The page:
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Archive for January, 2012

Book Printing: How to Make Illegible Type Legible

Sunday, January 1st, 2012

A client of mine just produced a “galley” of her book, 100 digitally-printed reader’s copies for her reviewers to critique before the final offset custom printing run. She loves it, but her husband thinks the type is too small.

The timing is actually perfect. Think of the “galley” as a digital, on-demand book proof that many people—not just one client—will review. If the type is too small, now is the time to fix it.

What Is My Client’s Husband Really Saying about the Type?

Basically he’s saying that it’s hard to read. When he points to a print book that he likes—a book that he wrote–I take note. He likes the body copy type. It’s easier to read. While the target audience for his wife’s book will range from age 20 to 80 and above, those in their 40s and older will have a harder time reading the body copy in her book than in his. And people who have difficulty reading something will not enjoy the experience and will eventually stop.

What Goes into Making Text Copy Readable in a Print Book?

Type has a number of characteristics. Among these are:

  1. Type size (height of the type)
  2. Leading (the space between lines of type)
  3. Measure (column width)
  4. Weight (lightness or darkness of a block of type on the page)
  5. “x” height (the height of a lower-case “x” in a typeface). This will correspond to any other character that has no ascenders or descenders: i.e., portions of type that extend upward from the top of the x-height or downward from the baseline (“l” vs. “g” or “j,” for instance).
  6. Style (light, bold, roman, italic)
  7. Serif, sans serif, slab serif, display, script, etc.

All of these attributes work together to improve or diminish legibility, which is the first requirement of type. It has to be easily readable, particularly in a book.

How Do You Fix Type That’s Hard to Read?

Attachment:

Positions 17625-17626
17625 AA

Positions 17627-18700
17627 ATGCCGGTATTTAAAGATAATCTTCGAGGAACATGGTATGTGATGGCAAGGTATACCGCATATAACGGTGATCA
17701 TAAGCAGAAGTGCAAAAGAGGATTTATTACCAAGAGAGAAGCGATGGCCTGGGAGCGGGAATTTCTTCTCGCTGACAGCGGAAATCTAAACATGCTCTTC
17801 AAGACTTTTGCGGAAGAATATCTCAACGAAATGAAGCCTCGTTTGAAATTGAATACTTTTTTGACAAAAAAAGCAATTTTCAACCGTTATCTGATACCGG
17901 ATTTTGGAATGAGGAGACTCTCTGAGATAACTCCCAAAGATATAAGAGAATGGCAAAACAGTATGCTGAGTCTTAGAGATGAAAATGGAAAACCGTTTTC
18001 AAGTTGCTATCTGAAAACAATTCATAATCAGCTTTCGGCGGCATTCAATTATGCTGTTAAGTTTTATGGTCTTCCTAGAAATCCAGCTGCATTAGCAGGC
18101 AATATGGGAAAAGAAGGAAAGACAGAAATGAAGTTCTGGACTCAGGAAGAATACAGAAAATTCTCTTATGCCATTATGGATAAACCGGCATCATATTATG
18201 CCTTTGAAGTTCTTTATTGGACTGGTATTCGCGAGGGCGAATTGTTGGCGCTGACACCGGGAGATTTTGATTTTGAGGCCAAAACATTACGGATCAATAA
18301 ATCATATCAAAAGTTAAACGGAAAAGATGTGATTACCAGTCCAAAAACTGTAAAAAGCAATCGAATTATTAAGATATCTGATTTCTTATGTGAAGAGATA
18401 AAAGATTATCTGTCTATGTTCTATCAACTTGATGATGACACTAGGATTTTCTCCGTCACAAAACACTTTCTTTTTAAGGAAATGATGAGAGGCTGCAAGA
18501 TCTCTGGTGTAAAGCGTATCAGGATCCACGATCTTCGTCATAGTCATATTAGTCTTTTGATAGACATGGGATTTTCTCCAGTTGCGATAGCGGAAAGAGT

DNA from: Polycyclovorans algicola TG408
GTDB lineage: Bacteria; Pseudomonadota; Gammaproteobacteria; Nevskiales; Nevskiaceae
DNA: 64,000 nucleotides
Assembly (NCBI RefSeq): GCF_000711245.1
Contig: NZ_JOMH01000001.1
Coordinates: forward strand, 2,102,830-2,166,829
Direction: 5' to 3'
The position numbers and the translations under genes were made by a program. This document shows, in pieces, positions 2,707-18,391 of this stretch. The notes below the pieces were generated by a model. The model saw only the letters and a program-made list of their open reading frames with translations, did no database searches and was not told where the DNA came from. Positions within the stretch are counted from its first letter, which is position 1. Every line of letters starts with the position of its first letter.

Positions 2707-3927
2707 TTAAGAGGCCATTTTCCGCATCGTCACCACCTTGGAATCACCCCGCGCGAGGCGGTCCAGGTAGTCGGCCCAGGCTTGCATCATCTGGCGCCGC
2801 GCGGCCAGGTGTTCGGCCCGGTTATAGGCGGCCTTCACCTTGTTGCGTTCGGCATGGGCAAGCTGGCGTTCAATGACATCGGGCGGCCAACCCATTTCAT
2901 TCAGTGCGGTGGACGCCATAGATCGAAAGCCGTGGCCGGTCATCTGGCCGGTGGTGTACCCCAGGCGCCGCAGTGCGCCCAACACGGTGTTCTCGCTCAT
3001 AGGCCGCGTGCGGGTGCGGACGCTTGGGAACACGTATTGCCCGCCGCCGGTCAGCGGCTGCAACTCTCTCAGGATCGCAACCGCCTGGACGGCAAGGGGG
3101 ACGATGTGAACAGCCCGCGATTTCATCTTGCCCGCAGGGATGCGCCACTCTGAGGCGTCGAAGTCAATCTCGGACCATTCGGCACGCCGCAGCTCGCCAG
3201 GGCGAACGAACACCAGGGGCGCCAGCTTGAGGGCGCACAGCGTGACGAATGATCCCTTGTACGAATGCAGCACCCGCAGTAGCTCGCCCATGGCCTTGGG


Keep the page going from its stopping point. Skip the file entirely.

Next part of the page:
My client’s husband had a point. The type was too small. It was just under the threshold of comfortable reading. But the problem didn’t stop there. Here are some things I noticed:

  1. Compared to the type in her husband’s print book, my client’s type had a low x-height. It was a serif face (the ones with short strokes–like tails—at the ends of the letterforms). This is good, since serif fonts are easier to read in large blocks of copy than sans serif faces (the ones without the little strokes).
  2. It was a complex typeface, more suited to display type (large point sizes within short blocks of copy like headlines and callouts or large pull quotes) than to text copy. The letterforms were ornate and had dramatic contrast between the thick and thin strokes of the letterforms. It was actually classified as a “Modern” typeface because of these qualities. I suggested a typeface with a larger x-height. The designer had provided a sample page set in Century Schoolbook, which has a large x-height, pronounced serifs, and less contrast between the thick and thin portions of the letterforms. All of these qualities improve legibility in a print book. I also suggested increasing the size of the type by one point.
  3. We considered adding leading to the type (more space between lines). This is a good way to improve legibility.
  4. We discussed the fact that increasing the point size and the leading would make the book longer. Obviously this would add to the cost of the project, since more book pages would consume more paper and ink. There would also be more signatures and therefore more time on press at the commercial printer’s shop. It would be an expensive proposition.
  5. As an alternative I suggested “Old Style” typefaces, such as Garamond, which would have less contrast between thick and thin portions of the type than Modern typefaces but would take up less room than Century Schoolbook. Garamond is an Old Style serif face. It would be more readable than a sans serif typeface. In addition, Garamond even comes in a condensed face (narrower letterforms). Garamond Condensed is highly legible but takes up less space than many other typefaces, yielding more characters per inch and hence a shorter book.

I suggested producing laser printed samples of a page in a number of different typefaces to check readability. In the final analysis, the subjective experience of reading trumps any technical characteristics a typeface may have. (Is it readable? Always check with a number of people if you’re designing a print book.)

In addition, I suggested that my client’s designer produce a complete chapter and compare the length of that chapter in the new typeface to the length of the chapter in the old typeface that had been hard to read. This would give a rough idea of the extent to which the new typeface would increase the length of the book.

Laser Printing Doesn’t Always Match the Look of Ink On Paper

Ink printed on paper, particularly the absorbent uncoated stock often used for books, does not always match the printed output from a laser proofing device. Actual ink often spreads a bit (dot gain) as it flows into the paper fibers. In contrast, laser toner sits up on the surface more, since it is a powder and not a liquid. Therefore, it would be wise to show your commercial printer samples of the type and ask his opinion of how the final output will look when actually printed in ink.

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